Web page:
4. Division of Physiotherapy, Karolinska Institutet, Stockholm
5. School of Social Work, Lund University
6. Department of Biological and Environmental Sciences, University of Gothenburg
7. Department of Water and Environmental Studies, Linköping University
8. Stockholm School of Economics
9. Department of Computer Science and Engineering (CSE), Chalmers University of Technology, Gothenburg
10. Division of Chemical Physics, Lund University
11. Konstfack University College of Arts, Crafts and Design, Stockholm
12. Pervasive and Mobile Computing Laboratory, LTU, Skellefteå

Sikhs in Varanasi

The Department of Cultural Sciences is one of the departments at Linnaeus University that is strongly involved in South Asia related research. List of other such departments. Assistant Professor Kristina Myrvold started to work at Linnaeus University in Växjö from the spring 2013. Before that, she worked at the Department of History and Anthropology of Religion, Lund University. In her research, Dr. Myrvold has focused on religious practices and worship among the Sikhs in Punjab and in different diasporic settings, focusing on Sikh katha – oral and textual expositions of Guru Granth Sahib – in local and translocal contexts. For four years, between 2009 and 2013, she was the principal investigator and a researcher of the Nordcorp project “Sikh Identity Formation: Generational Transfer of Traditions in the Nordic Countries”, which was carried out in cooperation with researchers in Denmark, Finland and Norway. She has also been involved in organising a number of workshops/conferences on Sikh and Punjab Studies at Lund University, in 2005, 2008, 2010 and 2013. As a result of these workshops, a network entitled Sikhs-in-Europe was formed for the purpose of developing closer academic cooperation between students and researchers with a common interest in the Sikhs and Sikhism in Europe.
Betwen 1 March 2012 and 30 September 2013, Kristina Myrvold also worked as Director for the Nordic Centre in India (NCI) university consortium. 
AndreasPhD Candidate Andreas Johansson is working on a dissertation project entitled ”The Construction of Religio-Nationalism – The struggle for religious minority organizations”. He is being supervised by Prof. Olle Qvarnström at Lund University.

In 2014, Kristina Myrvold and Andreas Johansson were given grants both from Crafoord Foundation and the Swedish Research Council for a new research project entitled ”Religion in the Trenches: Miniature Scriptures for Muslim and Sikh Soldiers in the British Army during World War I”. The project will be carried out during the period 2015-2017. The research project investigates the production, distribution, and use of religious miniature scriptures and artefacts for Sikh soldiers from the province of Punjab in India who fought for the British Army at the Western front during World War I. By anchoring the research project in Military History, Book History, and Religious Studies, it explores how the religious objects and their practices manifested complex relationships across borders in a historical context when the British national security was threatened. 
Read more about the South Asia research at the Department of Cultural Sciences.

SASNET tries to keep track of all South Asia related research at the Swedish universities, and in our database we have information about approximately 300 departments where some kind of South Asia related research and/or educational collaboration projects with institutions in the eight South Asian nations is going on. Among our networking partners, we regularly present one these departments – our SASNET partners – and the researchers working on South Asia related projects. Go for SASNET’s list of Swedish departments.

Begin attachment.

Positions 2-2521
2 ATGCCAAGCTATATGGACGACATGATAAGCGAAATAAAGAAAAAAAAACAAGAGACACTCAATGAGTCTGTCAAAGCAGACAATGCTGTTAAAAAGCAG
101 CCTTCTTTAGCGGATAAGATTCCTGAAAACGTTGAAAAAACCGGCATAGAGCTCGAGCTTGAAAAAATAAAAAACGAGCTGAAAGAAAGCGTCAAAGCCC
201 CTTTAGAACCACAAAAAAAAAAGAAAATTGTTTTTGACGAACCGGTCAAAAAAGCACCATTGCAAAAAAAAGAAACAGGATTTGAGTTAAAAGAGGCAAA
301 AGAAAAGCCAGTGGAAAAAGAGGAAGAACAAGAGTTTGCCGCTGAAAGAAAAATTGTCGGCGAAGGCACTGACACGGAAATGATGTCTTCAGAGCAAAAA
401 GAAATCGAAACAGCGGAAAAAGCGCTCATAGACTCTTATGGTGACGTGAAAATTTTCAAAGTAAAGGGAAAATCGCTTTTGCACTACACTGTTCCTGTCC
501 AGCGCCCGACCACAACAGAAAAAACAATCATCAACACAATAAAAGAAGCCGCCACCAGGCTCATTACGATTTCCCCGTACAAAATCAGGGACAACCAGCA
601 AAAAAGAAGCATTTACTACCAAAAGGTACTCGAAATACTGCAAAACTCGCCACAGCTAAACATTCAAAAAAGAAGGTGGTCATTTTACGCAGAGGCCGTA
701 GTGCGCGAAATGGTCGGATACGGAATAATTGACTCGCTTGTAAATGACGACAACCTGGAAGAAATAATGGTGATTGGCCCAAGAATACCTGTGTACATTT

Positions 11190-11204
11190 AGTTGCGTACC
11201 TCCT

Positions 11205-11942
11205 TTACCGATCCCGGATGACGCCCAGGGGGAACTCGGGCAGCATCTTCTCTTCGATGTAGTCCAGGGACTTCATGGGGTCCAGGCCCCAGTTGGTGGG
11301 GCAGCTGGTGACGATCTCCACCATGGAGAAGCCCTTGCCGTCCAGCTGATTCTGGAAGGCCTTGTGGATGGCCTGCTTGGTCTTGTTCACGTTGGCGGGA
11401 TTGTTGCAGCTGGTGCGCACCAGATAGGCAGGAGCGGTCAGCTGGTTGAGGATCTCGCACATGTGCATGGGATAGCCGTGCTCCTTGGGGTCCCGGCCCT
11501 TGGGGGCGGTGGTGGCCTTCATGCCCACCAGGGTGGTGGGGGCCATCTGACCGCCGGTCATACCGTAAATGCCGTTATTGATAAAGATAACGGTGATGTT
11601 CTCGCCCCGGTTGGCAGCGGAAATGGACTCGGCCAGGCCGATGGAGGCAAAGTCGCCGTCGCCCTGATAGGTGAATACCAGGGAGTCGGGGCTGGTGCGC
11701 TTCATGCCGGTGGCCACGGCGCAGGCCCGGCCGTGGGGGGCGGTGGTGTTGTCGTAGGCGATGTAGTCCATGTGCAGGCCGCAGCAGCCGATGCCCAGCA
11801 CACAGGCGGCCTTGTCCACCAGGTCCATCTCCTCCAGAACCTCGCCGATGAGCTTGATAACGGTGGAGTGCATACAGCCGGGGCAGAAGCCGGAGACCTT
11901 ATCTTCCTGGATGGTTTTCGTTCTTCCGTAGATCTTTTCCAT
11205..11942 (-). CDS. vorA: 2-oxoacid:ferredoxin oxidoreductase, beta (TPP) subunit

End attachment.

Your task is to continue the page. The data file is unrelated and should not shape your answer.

• More information about SASNET and its activities
See SASNET’s page,

Research Community News

• Doctoral dissertation on South Asian Summer Monsoon and Climate Change

Faisal Saeed Syed from the Department of Meteorology (MISU), Stockholm University, defended his doctoral dissertation entitled ”Uncertainties in the Regional Climate Models Simulations of South Asian Summer Monsoon and Climate Change” on 27 September 2011. Syed was at that time working as Deputy Director for the Pakistan Meteorological Department in Islamabad. Faculty opponent was Professor Jagadish Shukla from George Mason University (GMU) in Calverton, Maryland, USA (and also being the President of the Institute of Global Environment and Society). 
Abstract: South Asia, a land of contrasting landscapes, seasons and climates, is highly vulnerable to climate variability over intra-seasonal to decadal time scales. In winter, precipitation over the western parts of south Asia and fog over the Indo-Gangetic (IG) plains are the two major climatic features. During summer most of the region comes under the grip of monsoon. Winter precipitation over the north-western parts of South Asia is associated with eastwards propagating ‘western disturbances’ originating mostly from Mediterranean. Both observations and regional climate-model simulations show that the winter precipitation increases/decreases during the positive/negative phases of the North Atlantic Oscillation (NAO) and the warm (cold) phase of the El Niño-Southern Oscillation (ENSO). During these phases, the intensification of western disturbances results from the effect of an enhanced trough visible at sea-level as well as at higher altitudes over central Asia. The inter-annual variability of fog is coupled over IG plains with a significant trend in the fog frequencies, both in observations and ERA-Interim reanalysis data. This increase shows two distinct regime shifts in 1990 and 1998 with respect to mean and variance, this in contrast to a gradual increase of the humidity over the region. Graphics show proposed mechanism for the effect of the warm El-Niño Southern Oscillation phase on the winter precipitation over Central Southwest Asia. More information, with link to full-text thesis